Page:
Except, of course, if Chaput can get all the other bishops on board...maybe.

Monday, April 11

Oy, gevalt!

Oy gevalt, indeed!
Today, Dr. Bill Donahue, president of the Catholic League for Religious and Civil Rights, took out a full page ad in the NY Times.  In it, he writes a long and spirited defense of the RC clergy.  There are some...well, issues, that I see in his analysis and defense.

The first is that the only substantive data which he quotes is from the John Jay College of Criminal Justice study on clergy and sex abuse.  If that doesn't ring a bell, it was the study commissioned by the USCCB as part of the Dallas Conference reforms. 
 "[The Jay study] found that most of the abuse occurred during the heyday of the sexual revolution, from the mid-1960s to the mid-1980s. What we are hearing about today are almost all old cases."
Ignoring any sort of possible bias (in that 'studies funded by R.J. Reynolds say that smoking is good for you' sort of way), the dataset covers from 1950-2002.  Given that sexual abuse of children is often reported only decades after the fact (for a variety of psychological reasons), that is no great surprise.  Given the age of the report, it also means that the German, Belgian, Irish, Philadelphia and L.A. reports of systemic abuse (to name a few) don't show up. 
"[Penn State professor Philip] Jenkins wrote that “Out of 100,000 priests active in the U.S. in this half-century, a cadre of just 149 individuals—one priest out of every 750—accounted for over a quarter of all allegations of clergy abuse.” In other words, almost all priests have never had anything to do with sexual molestation.(emphasis his)"
According to his own John Jay study, 4% of american clergy have had charges of sexual abuse filed against them.  That would be 4,000, not 149.  Assuming Jenkins is correct and 149 priests are responsible for 1/4 of the allegations, that means over 2,600 complaints were reported (an average of 18/priest) against them.  That's not a clean slate for priests in the US and certainly damning evidence for those in leadership.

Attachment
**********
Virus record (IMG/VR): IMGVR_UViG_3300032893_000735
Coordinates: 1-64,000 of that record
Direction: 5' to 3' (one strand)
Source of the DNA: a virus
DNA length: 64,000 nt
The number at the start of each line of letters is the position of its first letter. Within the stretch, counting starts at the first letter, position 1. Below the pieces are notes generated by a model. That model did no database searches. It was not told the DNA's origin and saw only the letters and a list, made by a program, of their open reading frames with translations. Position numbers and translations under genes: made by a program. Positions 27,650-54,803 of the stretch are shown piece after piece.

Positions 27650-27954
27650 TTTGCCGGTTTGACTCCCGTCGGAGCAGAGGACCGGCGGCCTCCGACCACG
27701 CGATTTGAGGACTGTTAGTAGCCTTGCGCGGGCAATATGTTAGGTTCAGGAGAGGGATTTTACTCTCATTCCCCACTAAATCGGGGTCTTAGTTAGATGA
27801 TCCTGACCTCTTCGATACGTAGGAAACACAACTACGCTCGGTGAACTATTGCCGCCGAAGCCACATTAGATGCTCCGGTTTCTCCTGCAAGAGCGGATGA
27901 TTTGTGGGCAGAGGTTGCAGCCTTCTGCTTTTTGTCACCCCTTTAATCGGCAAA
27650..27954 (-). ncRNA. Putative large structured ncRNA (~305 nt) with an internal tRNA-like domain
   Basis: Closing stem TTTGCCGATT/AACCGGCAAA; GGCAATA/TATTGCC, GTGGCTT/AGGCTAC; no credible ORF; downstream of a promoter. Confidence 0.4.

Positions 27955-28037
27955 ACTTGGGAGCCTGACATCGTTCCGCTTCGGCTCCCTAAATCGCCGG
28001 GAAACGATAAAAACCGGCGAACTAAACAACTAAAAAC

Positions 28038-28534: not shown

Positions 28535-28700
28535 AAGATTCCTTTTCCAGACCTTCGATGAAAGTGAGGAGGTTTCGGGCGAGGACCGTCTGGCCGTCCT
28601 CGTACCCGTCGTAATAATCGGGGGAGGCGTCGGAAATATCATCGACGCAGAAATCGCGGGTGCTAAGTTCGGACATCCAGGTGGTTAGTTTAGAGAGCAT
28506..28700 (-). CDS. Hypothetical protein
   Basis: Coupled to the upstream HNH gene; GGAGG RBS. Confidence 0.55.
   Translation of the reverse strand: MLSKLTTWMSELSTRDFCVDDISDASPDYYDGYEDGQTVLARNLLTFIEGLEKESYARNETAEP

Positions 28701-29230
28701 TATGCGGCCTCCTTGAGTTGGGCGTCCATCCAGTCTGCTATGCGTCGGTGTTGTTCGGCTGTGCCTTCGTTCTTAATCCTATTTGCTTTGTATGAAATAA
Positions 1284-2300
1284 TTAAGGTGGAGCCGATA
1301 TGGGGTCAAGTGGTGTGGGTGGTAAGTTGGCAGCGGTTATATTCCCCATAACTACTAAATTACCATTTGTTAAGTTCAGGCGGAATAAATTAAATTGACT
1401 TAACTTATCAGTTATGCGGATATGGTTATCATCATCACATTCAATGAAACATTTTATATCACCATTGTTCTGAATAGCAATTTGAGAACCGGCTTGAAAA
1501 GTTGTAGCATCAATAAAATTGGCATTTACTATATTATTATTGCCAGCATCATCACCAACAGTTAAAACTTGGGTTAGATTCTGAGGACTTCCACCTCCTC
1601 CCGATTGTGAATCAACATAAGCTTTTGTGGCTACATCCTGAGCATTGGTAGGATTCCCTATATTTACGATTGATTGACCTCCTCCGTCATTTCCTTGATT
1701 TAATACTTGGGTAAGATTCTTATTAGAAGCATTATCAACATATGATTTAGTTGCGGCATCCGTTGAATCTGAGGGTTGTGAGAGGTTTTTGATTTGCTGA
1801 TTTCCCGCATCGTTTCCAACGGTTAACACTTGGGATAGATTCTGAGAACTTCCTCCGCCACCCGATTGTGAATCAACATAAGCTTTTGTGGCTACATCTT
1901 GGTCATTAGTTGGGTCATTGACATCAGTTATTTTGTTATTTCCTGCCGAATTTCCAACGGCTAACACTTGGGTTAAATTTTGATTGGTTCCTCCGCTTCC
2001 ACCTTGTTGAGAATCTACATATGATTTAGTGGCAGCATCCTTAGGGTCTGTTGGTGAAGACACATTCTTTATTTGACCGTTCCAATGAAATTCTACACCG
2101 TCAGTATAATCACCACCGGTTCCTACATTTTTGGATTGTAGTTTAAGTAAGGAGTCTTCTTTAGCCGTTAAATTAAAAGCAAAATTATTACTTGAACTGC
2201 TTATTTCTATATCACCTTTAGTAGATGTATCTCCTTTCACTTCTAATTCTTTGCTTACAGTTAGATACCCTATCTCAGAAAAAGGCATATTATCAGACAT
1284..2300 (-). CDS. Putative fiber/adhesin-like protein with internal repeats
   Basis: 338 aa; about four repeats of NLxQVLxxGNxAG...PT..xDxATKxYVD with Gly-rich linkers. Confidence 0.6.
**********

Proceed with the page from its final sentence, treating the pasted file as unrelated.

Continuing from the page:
"The refrain that child rape is a reality in the Church is twice wrong: let’s get it straight—they weren’t children and they weren’t raped. We know from the John Jay study that most of the victims have been adolescents, and that the most common abuse has been inappropriate touching (inexcusable though this is, it is not rape).... In other words, the issue is homosexuality, not pedophilia."
Trying to split the difference between pedophilia and ephebophilia and aruging that the difference between 3rd base and a home run when it comes to non-consensual sexual contact matters are both legalistic and petulant defenses.  Children under the age of consent cannot, by definition, give consent (thus, statutory rape).  Some jurisdictions in the US include oral sex and non-consensual masturbation as rape (the latter could fall under Dr. Donahue's 'inappropriate touching').  The bottom line is that those under the age of consent are unilaterally off limits and 'no' always, ALWAYS, means NO!

The whole homosexuality angle is a canard as evidenced by a recent study by Duke university which showed that 96% of those who were convicted of sexually abusing boys identified as heterosexual, 2% were either non-straight or weren't sure and 2% were women.  This gets back to the fact that rape (and, by extension, sexual abuse) is about power, not the sex.

I will agree, in the broadest terms, with Dr. Donahue.  The issue isn't pedophilia.  There are two issues; Sexual abuse of minors (which would include, but not be limited to, pedophilia) and the protection of the perpetrators by the RC Church.  Every day the Church delays, demurs and distracts, the moral credibility of the Church is diminished, the name of those honest, upright priests are defamed and lives of children abused present and past are destroyed.

Saturday, April 9

Love one another....

I have been involved in a spirited discussion on another blog which started with Christian Dominionists and their anti-gay rhetoric.  During the exchange, I made a flippant, off-hand remark (a shock, I know) about that 'love everybody' stuff.  The response by one individual surprised me.
I highly doubt you love everyone as it is impossible.
It made me think.  In a strict sense, I guess the individual has a point.  It is difficult for anyone to truly love all of mankind.  Those who are distant or align with your views are much easier to love than those who oppose you in thought, word or deed.  Yet, that is precisely what Christ challenges to do in the Sermon on the Mount.
For if you love those who love you, what reward do you have? Do not even the tax collectors do the same? (Mat 5.46)
We should realise that those who oppose us, those who hate us, they are all no less children of God then we.  They, too, have been made in the image and likeness of God and they, too, contain within them the spark of the Infinite Divine, making them beings of light.

Returning to the reply, I find issue with the phrase "as it is impossible" to love everyone.  God loves everyone.  Jesus, human in all ways but sin, loved everyone.  We are told to love one another as Christ loved us.  There is a thought which comes with this.  The more we love, the closer we come to God.